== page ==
Canary Opal Gemstone
Like the songbird of its namesake, Canary Opal delights with its vibrant and striking yellow color.
Opals are best known for their amazing play-of-color, with the most sought after having a white or black bodycolor. However, it’s surprising to learn that opals occur in many different shades and hues. Canary opal represents one of the rarest variety of opals. Yellow coloration is extremely rare to find in opals.
What Color is Canary Opal?
Canary opals possess a vibrant yellow hue, ranging from three potential shades. This difference in hue means that specific specimens may appear lighter or darker, depending on the individual stone.
Other Canary Opal Quality Factors
While many opals display a play-of-color, canary opal does not. For this reason, it belongs to the group of opals known as common opals. Despite this, the gem is no less beautiful when considered for its amazing yellow tones. Polished specimens have a waxy to a glassy finish.
Opals rank from 6 to 6.5 on the Mohs scale of hardness. This provides moderate resistance to scratching and abrasion. If you’re very active, canary opal earrings or necklace are a better choice than a canary opal ring. Like other opal gems, canary opal is not extremely durable. This fair durability means exercising care is important with this canary opal jewelry so that it doesn’t chip or break.
Is Canary Opal Treated?
It’s uncommon for opal to undergo additional treatment. Canary opal maintains this tradition, going through no additional enhancement.
Who Should Wear Canary Opal?
This is a great opal to consider if you love gemstones such as Brazilian citrine, canary fluorite, or marialite. The positive and happy yellows found within this jewel is sure to brighten your day.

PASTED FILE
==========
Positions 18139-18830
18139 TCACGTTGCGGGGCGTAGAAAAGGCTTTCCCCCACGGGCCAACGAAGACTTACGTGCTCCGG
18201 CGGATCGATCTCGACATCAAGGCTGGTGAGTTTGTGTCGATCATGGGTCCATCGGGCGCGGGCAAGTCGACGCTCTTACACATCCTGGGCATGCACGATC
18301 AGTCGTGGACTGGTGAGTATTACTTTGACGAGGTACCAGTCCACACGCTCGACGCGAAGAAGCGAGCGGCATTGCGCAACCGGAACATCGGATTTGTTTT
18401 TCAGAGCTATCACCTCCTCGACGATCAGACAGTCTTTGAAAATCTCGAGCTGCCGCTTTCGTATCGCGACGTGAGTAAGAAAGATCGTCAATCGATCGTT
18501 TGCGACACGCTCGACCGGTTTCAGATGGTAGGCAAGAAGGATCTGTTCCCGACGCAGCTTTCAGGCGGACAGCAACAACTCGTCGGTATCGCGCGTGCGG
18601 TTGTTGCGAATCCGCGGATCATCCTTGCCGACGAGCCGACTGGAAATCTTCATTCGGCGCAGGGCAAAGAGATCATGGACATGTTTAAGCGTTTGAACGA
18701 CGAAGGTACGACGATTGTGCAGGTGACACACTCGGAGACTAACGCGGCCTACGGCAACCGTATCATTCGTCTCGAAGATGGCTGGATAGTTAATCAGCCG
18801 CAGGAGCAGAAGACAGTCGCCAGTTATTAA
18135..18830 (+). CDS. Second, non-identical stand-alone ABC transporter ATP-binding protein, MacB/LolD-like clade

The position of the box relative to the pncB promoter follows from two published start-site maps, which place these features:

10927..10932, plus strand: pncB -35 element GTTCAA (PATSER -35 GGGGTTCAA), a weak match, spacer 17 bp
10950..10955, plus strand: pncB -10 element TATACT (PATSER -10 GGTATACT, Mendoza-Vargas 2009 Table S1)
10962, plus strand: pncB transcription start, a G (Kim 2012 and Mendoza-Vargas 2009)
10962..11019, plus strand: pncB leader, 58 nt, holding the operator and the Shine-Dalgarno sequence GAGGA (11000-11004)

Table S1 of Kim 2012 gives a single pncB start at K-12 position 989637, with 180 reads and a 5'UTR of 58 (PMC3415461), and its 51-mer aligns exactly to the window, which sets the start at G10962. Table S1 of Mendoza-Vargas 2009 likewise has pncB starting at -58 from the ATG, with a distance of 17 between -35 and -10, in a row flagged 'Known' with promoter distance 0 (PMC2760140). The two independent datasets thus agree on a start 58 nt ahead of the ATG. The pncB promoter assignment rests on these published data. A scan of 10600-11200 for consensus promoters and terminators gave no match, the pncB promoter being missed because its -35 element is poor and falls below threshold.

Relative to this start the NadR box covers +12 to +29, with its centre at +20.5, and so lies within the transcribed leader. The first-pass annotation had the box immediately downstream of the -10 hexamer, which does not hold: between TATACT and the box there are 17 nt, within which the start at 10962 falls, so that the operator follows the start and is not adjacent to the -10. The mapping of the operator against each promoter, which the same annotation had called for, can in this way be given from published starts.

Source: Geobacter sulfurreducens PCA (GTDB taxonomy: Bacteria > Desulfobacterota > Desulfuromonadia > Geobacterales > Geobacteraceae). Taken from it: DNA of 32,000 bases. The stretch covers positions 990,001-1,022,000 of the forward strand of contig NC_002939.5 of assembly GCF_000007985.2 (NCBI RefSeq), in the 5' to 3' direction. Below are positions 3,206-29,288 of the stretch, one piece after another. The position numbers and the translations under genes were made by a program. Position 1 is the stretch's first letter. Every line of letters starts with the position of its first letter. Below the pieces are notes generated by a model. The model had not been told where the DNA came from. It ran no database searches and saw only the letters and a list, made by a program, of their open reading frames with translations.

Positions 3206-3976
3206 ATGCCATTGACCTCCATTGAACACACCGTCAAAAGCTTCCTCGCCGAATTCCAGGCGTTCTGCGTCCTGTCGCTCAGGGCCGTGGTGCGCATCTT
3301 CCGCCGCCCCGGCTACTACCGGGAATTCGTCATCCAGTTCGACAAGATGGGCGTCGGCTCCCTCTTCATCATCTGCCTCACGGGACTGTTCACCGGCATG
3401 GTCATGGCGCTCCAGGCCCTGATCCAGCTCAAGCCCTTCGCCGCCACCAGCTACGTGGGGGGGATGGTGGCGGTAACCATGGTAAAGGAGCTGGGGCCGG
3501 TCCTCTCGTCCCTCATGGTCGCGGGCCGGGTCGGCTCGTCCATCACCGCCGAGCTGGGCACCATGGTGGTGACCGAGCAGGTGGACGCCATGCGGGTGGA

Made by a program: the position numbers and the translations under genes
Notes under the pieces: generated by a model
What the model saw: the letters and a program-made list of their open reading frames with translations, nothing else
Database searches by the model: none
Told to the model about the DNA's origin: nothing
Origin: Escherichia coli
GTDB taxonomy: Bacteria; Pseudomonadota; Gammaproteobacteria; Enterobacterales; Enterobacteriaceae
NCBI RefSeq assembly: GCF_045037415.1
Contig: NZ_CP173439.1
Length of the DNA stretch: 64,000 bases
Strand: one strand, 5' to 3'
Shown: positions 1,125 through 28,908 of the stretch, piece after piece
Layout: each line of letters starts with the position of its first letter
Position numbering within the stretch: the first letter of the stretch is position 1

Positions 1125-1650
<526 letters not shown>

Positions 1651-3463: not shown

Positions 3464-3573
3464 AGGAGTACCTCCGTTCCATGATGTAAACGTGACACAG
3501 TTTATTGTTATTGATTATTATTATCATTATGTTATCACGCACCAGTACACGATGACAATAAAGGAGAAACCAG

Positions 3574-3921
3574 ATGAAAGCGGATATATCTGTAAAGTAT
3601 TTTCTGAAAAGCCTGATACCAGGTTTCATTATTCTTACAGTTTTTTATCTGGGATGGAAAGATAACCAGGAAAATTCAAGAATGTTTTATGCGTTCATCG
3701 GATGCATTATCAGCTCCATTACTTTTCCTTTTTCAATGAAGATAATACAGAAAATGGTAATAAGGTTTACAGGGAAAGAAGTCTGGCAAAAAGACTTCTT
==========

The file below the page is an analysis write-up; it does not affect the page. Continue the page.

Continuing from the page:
Is Canary Opal a Birthstone?
• Celebrating the month of birth with a special gemstone is a tradition that traces back to biblical origin. Starting in Medieval Europe, wearing a birthstone associated with your month of birth began formation into the tradition we know today. Canary Opal is a modern October birthstone, carrying this tradition into the future. As the leaves turn color during autumn, gems like Canary Opal are perfect for heralding in this change.
• Opals are not commonly associated with the tropical zodiac or wedding anniversaries.
Does Canary Opal Have Special Properties?
• Like many gemstones, some suggest that opals possess special powers and virtue. Regarding canary opal and other opal gemstones, its association is with sight.
• During the Middle Ages, lapidarists thought that opals would cure ailments of the eye. A popular name for the stone during this period, opthalmus lapis, opallios, opthalmos, or opthalmius, is a reference to the eye. On the more devious side of things, opals were thought also to turn the bearer invisible. This lead to opals being called patronus furum, or “thieves’ stone.” In some versions of this lore, the opal instead surrounds the would-be thief in a thick fog, obscuring him from sight.
• A popular Medieval belief suggests that opals would preserve the beauty of blonde hair. And with the lovely color of Canary Opal, it’s easy to see why stories like these spread.
Interesting varieties of opal exist throughout the world. Some varieties, such as canary yellow opal, are rare, and only found in certain areas of the world. The Tanga Region of Tanzania provides Shop LC with our supply of yellow opal.
Mining canary yellow opal requires traditional artisanal techniques. Creating finished stones uses a lot of rough. Less than two-percent of canary opal rough ever becomes a finished gemstone!
• Ranks 6 to 6.5 on the Mohs scale of hardness.
• Canary opal presents a pleasing lemon-yellow color, in light to darker hues.
• Sourced from the Tanga Region of Tanzania.
• Canary opal undergoes no additional treatment.